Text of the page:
But you shouldn't think that Microsoft is uniquely evil and that only Microsoft would do something so nasty, because Real Player spies on the user the same way. And we're pretty sure that Real Player did it first. After all, Microsoft is more known for imitation, than for invention. [laughter] In fact, lots of proprietary programs are spy-ware. But it gets worse, there is also the functionality of refusing to function. When the program says: "I don't wanna let you see the contents of this file, even though it's in your computer", "I don't wanna let you copy part of this file, even though it's in your computer", "I'm not gonna print this file for you, because I don't like you". [laughter, applause]


Those programs really don't like you. [laughter] They're not designed to serve you, they're designed to keep you in prison. That's their purpose. We call this kind of malicious feature "digital restriction management" or DRM, or "digital handcuffs". It's the intentional malicious feature of refusing to function. Many companies do this. Microsoft, of course, does this. Apple does this, Adobe does this, Google does this, Sony does this, Amazon does this.

It's a broad attack on the freedom of computer users and it operates on two levels. Every instance of digital restrictions management attacks you in two ways at once. First of all, it's purposes to take away your freedom in using your copy of a work, to take away what would otherwise be your legal rights. But at the same time it attacks your freedom by stopping you from using free software to access your copy, so the only way to do it is with proprietary user-subjugating software.

(Just a second)


Because this is such a threat, we have started a campaign of protest against digital restrictions management, you can find it in the site DefectiveByDesign.Org. Because these products are all designed to be defective, and you should never buy it. Never buy anything with DRM unless you personally have the means to break the DRM. If you can break in, it's okay. [laughter] Otherwise, it's an attack on your freedom and it's dangerous, so reject it, and teach other people to reject it too.


Windows Vista [laughter] is a tremendous advance in restricting the user. That appears to be it's main purpose. In fact, Microsoft decided to compel users to throw away perfectly good hardware and replace it, just because that working hardware was not designed to restrict users enough. So users to run Vista have to throw it away and replace it with new hardware designed to control them. This is so nasty, that we have a special campaign against using Windows Vista. It's called BadVista.Org.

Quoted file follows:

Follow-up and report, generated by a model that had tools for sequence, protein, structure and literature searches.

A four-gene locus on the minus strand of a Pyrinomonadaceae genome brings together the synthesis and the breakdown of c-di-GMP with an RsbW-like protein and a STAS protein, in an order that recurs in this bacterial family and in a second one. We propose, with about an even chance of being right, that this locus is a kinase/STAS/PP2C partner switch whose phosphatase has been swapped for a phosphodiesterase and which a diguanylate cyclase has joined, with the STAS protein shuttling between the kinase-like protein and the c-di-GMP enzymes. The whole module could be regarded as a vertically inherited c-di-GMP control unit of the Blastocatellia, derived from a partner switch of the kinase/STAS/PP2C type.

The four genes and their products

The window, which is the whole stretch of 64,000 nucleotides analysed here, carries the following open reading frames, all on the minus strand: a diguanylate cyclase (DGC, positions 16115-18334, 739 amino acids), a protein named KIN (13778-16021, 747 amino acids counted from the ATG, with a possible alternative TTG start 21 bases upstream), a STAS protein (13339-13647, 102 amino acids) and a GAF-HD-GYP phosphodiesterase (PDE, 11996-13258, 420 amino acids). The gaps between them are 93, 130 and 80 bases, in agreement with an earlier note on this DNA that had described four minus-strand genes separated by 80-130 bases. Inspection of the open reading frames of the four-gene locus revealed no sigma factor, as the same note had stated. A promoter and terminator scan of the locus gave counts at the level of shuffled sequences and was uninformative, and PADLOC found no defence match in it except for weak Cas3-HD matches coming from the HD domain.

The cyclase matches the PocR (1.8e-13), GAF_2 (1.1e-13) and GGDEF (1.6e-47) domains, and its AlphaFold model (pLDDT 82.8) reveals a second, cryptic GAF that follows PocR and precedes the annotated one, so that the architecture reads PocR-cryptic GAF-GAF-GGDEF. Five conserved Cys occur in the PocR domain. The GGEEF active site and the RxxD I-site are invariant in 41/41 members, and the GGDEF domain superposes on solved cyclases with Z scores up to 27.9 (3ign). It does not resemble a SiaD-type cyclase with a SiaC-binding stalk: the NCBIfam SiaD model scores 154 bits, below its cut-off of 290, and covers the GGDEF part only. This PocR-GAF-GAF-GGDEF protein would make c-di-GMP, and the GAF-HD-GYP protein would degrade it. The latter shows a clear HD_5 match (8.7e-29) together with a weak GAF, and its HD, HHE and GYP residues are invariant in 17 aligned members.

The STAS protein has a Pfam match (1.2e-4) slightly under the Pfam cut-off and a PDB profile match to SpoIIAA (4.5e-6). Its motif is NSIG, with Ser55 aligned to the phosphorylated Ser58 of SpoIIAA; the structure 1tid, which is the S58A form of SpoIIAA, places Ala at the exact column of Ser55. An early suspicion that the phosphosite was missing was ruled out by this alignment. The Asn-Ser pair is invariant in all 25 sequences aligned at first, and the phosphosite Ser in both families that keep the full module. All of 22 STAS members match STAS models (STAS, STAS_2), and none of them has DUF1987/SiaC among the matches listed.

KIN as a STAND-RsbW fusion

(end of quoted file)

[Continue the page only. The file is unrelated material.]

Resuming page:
Of course, all versions of Microsoft Windows are proprietary software, they are all bad ethically. So you can't live in freedom using any version of Windows, and if you have a computer with Windows, what you need to do is "defenestrate" it, which means either throw Windows out of the computer, or throw the computer out of window. [laughter, applause]


But those Windows users who are not ready to make their escape to freedom yet, at least they shouldn't allow themselves to get deeper into the clutches of the enemy, so they should not use Windows Vista, until, of course, they are ready to stop using Windows entirely. But, malicious features are getting worse, there is a malicious feature of attacking user: back-doors.


One proprietary program that has backdoor, that you may heard of, is called Microsoft Windows. You see, starting with Windows XP, Microsoft arranged to keep track more or less of who the user is. And so when Windows XP asks for an upgrade over the net, Microsoft can deliver to that user an upgrade designed specifically for him, which means, Microsoft can take control of his computer and to do him whatever it wants. That user is at Microsoft's mercy. That's the back door we know about, but is there another?

In India of few years ago I was told that they have arrested some of the developers of Windows, and accused him of working not just for Microsoft, but also for Al-Qaeda, [laughter] installing another backdoor that Microsoft wasn't supposed to know about. That attempt apparently failed. Whether other such attempts succeeded, we have no way of checking. But we do know, that Microsoft installed another backdoor for the use of in even more violent terrorist organization, namely the United States government. [laughter] Specifically the National Security Agency. This was detected in 1999, before Bush stole his first election. So, what this shows you is you can't trust a program that doesn't give you freedom number 1. You don't know, what's in there.


But, in fact, Windows Vista makes in even worse, because with Vista Microsoft can impose a change in software. Microsoft can simply install changed software when it wants to, and the user doesn't have a chance to say no. But please don't think that Microsoft is uniquely evil, because Mac OS X does the same thing. Apple can forcedly change the software without giving the user chance to say no. So it's an understatement to say that Microsoft and Apple can take control of the user's computer, because with Windows Vista and Mac OS X they always have control, they have control from the first minute that the user started using it. And they never relinquish that control.